Pacific Northwest | November 16, 2003Pacific Northwest MagazineNovember 16, 2003seattletimes.com home
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CONTENTS
COVER STORY
PLANT LIFE
TASTE
NORTHWEST LIVING
NOW & THEN
LETTERS
PREVIOUS ISSUES OF PACIFIC NW


WRITTEN BY VALERIE EASTON
PHOTOGRAPHED BY PHOTOGRAPHER
 Dining Out 2003

Creative Care
Feeling the healing through fingers in the soil
 
 Photo
Horticultural therapist Sheila Taft helps clients at Cancer Lifeline make pictures with pressed flowers. The session is part of a larger program to use garden- and nature-related activities to help people cope with stress and illness.
There's something a little odd about linking the words "horticulture" and "therapy." Are we talking about plant psychology? You can just picture the ravenously carnivorous Audrey in "Little Shop of Horrors," stem and leaves stretched out on the couch, seeking to understand why she gobbles down any man she sees.

But humans are the true beneficiaries of this therapy that uses plants and gardens to reduce stress, soothe Alzheimer's patients, rehabilitate the injured and redirect the energies of troubled teens.

Gardeners know there is no more absorbing distraction from the cares of the day than stepping out the door to pull weeds, prune or just putter. Working with plants holds and focuses our attention as few other activities can, and studies show that as little as four minutes in a garden will reduce stress, steady the vital signs and improve your mood.

Sheila Taft is a registered horticultural therapist with a Scottish lilt to her voice and great enthusiasm for her job at Cancer Lifeline, a place where people living with cancer and their caregivers can go for help and support. Taft believes that tapping into creativity helps the healing process. She encourages her clients to take a respite from serious worries for a few hours while crafting a living wreath of succulents, learning how to propagate African violets, or snacking on tea and crumpets while watching a video of the Chelsea Flower Show. Taft has teamed up with a nutritionist to teach classes on plants from soil to skillet, and she works with art and music therapists to best use the healing garden spaces at Cancer Lifeline.

The program is successful and growing; in October the American Horticultural Therapy Association awarded its 2003 Therapeutic Garden Design Award to its healing gardens, spaces designed by University of Washington Professor Daniel Winterbottom and his students. Taft uses the three gardens there in various ways; she might teach a class on herbs in the Earth and Sky Garden, which is large enough for group activities, or encourage quiet contemplation in the intimate Reflection Garden. Each space promotes different types of activities, an idea Taft recommends for home gardens as well.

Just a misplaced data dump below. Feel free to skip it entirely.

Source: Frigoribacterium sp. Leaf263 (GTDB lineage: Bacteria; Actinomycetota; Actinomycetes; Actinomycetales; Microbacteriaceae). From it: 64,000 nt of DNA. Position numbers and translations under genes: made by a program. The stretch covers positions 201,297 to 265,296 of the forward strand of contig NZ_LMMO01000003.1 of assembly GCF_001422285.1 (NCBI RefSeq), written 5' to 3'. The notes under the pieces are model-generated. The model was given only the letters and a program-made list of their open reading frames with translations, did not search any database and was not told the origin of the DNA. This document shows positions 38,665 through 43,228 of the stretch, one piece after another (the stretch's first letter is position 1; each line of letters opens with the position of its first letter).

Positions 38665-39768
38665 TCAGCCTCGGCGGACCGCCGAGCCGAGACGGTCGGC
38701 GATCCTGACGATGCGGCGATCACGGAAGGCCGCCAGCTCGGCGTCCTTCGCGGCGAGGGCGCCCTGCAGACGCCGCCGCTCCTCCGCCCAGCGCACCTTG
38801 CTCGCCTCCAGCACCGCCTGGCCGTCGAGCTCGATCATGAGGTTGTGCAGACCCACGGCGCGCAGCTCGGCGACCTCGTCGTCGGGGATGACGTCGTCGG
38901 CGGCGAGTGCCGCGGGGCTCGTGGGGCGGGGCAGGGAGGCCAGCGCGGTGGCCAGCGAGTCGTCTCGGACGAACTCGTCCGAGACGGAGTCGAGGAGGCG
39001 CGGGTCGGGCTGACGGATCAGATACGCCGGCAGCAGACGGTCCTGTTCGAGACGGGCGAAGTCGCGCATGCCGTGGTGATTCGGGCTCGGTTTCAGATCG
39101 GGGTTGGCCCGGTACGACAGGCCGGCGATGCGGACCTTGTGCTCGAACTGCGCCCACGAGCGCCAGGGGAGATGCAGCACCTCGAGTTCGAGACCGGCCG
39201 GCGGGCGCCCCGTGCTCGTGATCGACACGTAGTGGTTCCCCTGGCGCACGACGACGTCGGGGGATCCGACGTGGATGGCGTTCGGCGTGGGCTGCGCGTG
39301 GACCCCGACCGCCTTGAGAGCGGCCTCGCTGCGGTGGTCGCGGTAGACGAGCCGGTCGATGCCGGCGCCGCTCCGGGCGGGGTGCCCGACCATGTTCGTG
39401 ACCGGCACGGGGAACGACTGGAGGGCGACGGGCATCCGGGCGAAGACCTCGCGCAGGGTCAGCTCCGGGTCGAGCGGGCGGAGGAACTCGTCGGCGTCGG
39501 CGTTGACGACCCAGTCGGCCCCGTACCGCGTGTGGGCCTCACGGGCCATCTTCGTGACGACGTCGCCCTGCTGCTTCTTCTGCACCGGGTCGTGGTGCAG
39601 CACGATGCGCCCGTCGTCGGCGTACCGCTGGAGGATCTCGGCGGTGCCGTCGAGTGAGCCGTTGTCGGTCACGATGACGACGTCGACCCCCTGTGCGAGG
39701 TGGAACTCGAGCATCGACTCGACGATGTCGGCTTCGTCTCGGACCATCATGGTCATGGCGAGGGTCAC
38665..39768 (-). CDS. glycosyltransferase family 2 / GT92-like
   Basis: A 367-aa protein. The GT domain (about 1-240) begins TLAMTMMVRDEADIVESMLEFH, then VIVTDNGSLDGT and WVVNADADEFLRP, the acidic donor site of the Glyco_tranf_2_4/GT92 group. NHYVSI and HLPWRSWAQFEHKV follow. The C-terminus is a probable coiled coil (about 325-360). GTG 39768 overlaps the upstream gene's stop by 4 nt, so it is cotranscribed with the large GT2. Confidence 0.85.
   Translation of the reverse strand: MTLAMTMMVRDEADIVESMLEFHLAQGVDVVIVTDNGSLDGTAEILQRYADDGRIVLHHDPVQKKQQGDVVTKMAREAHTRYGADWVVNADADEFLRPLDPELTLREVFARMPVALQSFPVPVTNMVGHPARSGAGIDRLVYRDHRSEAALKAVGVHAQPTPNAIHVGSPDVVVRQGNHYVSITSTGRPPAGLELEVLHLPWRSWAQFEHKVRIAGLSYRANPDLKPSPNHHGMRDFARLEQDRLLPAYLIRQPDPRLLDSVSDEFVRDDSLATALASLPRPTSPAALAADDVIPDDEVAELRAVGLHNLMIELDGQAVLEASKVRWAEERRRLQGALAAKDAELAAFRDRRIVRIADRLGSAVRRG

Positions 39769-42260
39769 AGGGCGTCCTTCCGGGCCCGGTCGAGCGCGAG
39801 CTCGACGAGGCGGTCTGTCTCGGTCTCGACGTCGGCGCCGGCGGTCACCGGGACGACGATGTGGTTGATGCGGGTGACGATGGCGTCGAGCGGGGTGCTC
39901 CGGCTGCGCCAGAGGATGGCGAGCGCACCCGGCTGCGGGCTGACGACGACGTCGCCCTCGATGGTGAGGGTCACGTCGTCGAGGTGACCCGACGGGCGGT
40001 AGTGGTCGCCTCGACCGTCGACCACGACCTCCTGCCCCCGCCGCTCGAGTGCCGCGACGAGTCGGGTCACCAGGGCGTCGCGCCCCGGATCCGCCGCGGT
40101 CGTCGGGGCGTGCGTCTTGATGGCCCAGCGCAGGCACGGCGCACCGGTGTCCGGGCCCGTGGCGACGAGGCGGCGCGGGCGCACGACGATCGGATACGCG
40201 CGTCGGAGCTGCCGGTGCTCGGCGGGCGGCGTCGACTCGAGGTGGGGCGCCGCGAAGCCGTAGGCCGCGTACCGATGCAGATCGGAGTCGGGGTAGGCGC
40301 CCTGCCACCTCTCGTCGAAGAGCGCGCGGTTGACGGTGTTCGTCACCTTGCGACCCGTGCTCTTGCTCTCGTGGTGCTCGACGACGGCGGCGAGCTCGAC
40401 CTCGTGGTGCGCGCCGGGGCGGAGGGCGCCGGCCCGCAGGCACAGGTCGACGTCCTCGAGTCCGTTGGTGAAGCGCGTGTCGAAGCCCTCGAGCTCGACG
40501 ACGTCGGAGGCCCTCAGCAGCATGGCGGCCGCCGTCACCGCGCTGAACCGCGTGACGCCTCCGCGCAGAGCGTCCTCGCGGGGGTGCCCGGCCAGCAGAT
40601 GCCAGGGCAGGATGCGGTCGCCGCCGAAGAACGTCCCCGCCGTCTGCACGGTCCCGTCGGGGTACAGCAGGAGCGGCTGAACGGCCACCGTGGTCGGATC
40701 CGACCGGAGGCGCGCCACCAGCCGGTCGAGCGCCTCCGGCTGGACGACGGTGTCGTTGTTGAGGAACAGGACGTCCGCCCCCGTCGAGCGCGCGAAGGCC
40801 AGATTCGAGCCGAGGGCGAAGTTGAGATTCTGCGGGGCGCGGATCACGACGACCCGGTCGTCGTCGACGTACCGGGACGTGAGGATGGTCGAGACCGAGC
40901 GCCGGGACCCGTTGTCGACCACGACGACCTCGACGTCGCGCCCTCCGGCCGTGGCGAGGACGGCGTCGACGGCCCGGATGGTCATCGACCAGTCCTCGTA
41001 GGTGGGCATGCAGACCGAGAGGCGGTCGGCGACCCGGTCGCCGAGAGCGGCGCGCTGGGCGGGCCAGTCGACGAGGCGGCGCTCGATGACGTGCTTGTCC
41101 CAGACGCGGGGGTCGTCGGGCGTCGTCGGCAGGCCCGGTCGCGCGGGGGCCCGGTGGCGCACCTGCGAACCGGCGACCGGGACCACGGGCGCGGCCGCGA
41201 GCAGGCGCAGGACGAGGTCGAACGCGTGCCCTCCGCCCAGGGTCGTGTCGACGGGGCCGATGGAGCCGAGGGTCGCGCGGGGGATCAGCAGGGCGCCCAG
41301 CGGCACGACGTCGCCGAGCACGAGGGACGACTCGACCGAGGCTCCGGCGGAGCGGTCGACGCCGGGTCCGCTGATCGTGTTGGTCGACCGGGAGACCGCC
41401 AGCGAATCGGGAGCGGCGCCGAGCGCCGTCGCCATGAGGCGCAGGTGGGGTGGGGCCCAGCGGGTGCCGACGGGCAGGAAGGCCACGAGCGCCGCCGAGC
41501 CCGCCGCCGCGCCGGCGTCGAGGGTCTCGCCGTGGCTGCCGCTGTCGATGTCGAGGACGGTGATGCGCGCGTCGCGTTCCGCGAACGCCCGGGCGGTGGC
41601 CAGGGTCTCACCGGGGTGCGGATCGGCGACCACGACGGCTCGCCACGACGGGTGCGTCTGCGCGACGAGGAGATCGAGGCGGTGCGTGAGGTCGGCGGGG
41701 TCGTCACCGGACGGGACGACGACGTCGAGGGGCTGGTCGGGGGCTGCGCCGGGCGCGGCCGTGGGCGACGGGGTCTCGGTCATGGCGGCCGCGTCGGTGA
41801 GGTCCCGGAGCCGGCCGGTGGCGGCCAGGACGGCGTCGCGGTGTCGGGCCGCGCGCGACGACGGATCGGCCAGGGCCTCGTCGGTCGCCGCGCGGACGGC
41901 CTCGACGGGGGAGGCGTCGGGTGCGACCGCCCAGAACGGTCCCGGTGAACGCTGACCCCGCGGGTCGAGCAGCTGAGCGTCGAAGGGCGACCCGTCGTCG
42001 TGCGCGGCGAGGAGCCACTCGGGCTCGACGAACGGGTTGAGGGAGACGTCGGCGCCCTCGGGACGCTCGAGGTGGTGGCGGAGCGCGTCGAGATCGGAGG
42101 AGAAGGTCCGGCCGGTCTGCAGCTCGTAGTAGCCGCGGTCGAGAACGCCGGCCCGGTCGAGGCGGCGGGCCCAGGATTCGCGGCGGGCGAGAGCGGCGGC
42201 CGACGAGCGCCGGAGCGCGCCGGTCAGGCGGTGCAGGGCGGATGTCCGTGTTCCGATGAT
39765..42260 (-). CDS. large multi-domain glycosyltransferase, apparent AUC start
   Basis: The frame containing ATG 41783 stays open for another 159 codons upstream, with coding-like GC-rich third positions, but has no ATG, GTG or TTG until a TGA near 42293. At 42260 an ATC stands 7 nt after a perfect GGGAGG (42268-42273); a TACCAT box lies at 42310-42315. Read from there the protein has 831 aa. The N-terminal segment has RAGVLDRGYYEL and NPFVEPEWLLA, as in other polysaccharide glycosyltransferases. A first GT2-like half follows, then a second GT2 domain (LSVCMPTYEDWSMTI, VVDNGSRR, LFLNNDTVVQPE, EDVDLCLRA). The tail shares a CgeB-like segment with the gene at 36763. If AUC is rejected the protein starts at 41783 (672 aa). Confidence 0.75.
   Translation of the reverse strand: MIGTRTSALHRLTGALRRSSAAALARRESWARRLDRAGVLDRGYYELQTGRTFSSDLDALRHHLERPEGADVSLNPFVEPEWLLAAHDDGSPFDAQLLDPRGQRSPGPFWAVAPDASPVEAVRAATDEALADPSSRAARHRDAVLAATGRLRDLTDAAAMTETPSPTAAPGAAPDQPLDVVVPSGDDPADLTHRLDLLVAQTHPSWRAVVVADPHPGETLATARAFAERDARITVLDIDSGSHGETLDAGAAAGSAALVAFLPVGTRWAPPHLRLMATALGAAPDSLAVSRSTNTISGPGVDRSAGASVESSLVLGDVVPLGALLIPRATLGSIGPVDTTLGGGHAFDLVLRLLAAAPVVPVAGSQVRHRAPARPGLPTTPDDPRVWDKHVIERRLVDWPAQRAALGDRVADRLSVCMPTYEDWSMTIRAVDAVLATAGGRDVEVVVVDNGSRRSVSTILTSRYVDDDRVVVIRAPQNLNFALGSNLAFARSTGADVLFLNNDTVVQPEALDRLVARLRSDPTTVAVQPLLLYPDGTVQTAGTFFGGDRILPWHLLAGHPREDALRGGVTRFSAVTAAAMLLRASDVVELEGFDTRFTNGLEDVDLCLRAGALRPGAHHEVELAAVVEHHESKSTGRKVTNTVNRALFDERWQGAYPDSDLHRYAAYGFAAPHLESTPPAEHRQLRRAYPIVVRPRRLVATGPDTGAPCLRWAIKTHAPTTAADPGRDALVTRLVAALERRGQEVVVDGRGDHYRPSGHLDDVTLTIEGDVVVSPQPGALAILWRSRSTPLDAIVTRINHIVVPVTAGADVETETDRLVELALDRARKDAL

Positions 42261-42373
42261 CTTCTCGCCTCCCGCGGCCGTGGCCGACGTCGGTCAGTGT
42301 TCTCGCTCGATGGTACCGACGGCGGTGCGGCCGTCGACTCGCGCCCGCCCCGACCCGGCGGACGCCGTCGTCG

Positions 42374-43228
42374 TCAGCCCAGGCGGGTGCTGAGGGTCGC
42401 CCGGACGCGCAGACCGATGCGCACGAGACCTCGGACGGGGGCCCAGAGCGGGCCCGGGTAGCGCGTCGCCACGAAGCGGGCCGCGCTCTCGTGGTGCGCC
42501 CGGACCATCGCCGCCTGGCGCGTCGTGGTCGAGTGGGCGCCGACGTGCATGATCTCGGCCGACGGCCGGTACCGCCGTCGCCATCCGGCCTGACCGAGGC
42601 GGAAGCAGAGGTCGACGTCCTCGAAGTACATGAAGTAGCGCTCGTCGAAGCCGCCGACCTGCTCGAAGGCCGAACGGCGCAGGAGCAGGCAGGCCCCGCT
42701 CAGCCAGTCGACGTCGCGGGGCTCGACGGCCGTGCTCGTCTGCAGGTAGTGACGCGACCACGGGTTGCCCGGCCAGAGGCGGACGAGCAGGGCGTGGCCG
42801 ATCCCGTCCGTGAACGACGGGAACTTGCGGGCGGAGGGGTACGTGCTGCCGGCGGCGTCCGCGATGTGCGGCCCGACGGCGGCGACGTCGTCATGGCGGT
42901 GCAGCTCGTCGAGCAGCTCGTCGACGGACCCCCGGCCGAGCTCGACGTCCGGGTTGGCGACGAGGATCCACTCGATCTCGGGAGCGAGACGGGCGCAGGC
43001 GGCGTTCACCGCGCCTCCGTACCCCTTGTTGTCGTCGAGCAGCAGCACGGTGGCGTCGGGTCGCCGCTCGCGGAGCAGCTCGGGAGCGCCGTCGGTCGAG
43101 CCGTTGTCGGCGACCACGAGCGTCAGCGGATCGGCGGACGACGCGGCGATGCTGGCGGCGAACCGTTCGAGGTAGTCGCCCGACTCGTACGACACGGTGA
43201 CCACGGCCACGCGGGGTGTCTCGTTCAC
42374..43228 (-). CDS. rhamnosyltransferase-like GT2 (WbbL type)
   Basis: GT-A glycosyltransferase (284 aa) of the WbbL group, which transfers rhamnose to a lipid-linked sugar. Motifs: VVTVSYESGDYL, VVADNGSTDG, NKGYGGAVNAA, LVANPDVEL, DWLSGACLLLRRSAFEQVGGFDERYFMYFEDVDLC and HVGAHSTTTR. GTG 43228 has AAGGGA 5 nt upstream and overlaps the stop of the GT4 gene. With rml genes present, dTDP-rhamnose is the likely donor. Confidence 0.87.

Maureen Phillips is Taft's mentor, and she teaches horticultural therapy at Edmonds Community College, which has the only such course of study in Washington. She graduated from the program 20 years ago, and still only 350 horticultural therapists are registered nationwide. Phillips' students go on to work with prison inmates, shut-ins and the elderly; they also design healing gardens.

Because gardening taps into our memories, it is particularly effective with Alzheimer's patients. Taft tells the story of being in a rose garden with an Alzheimer's patient who, mistaking Taft for her sister, asked, "Do you remember when mother used to grow these?"

Many of the lessons learned by these two pioneers will be showcased in the new Tranquil Garden they are helping design at Magnuson Park for debut next summer. The public, walled garden with raised beds for people with disabilities is being planned to appeal to all comers because, explains Phillips, "We can't separate out the human race." I think what she means is that the pursuit and enjoyment of this mysterious and vital connection between plants and people is of great benefit to us all.

The local chapter of the American Horticultural Therapy Association can be reached through the national Web page at www.ahta.org. If you have questions about the programs at Cancer Lifeline, call 206-297-2100 or www.cancerlifeline.org.

Valerie Easton is a Seattle free-lance writer and contributing editor for Horticulture magazine. Her e-mail address is vjeaston@aol.com.

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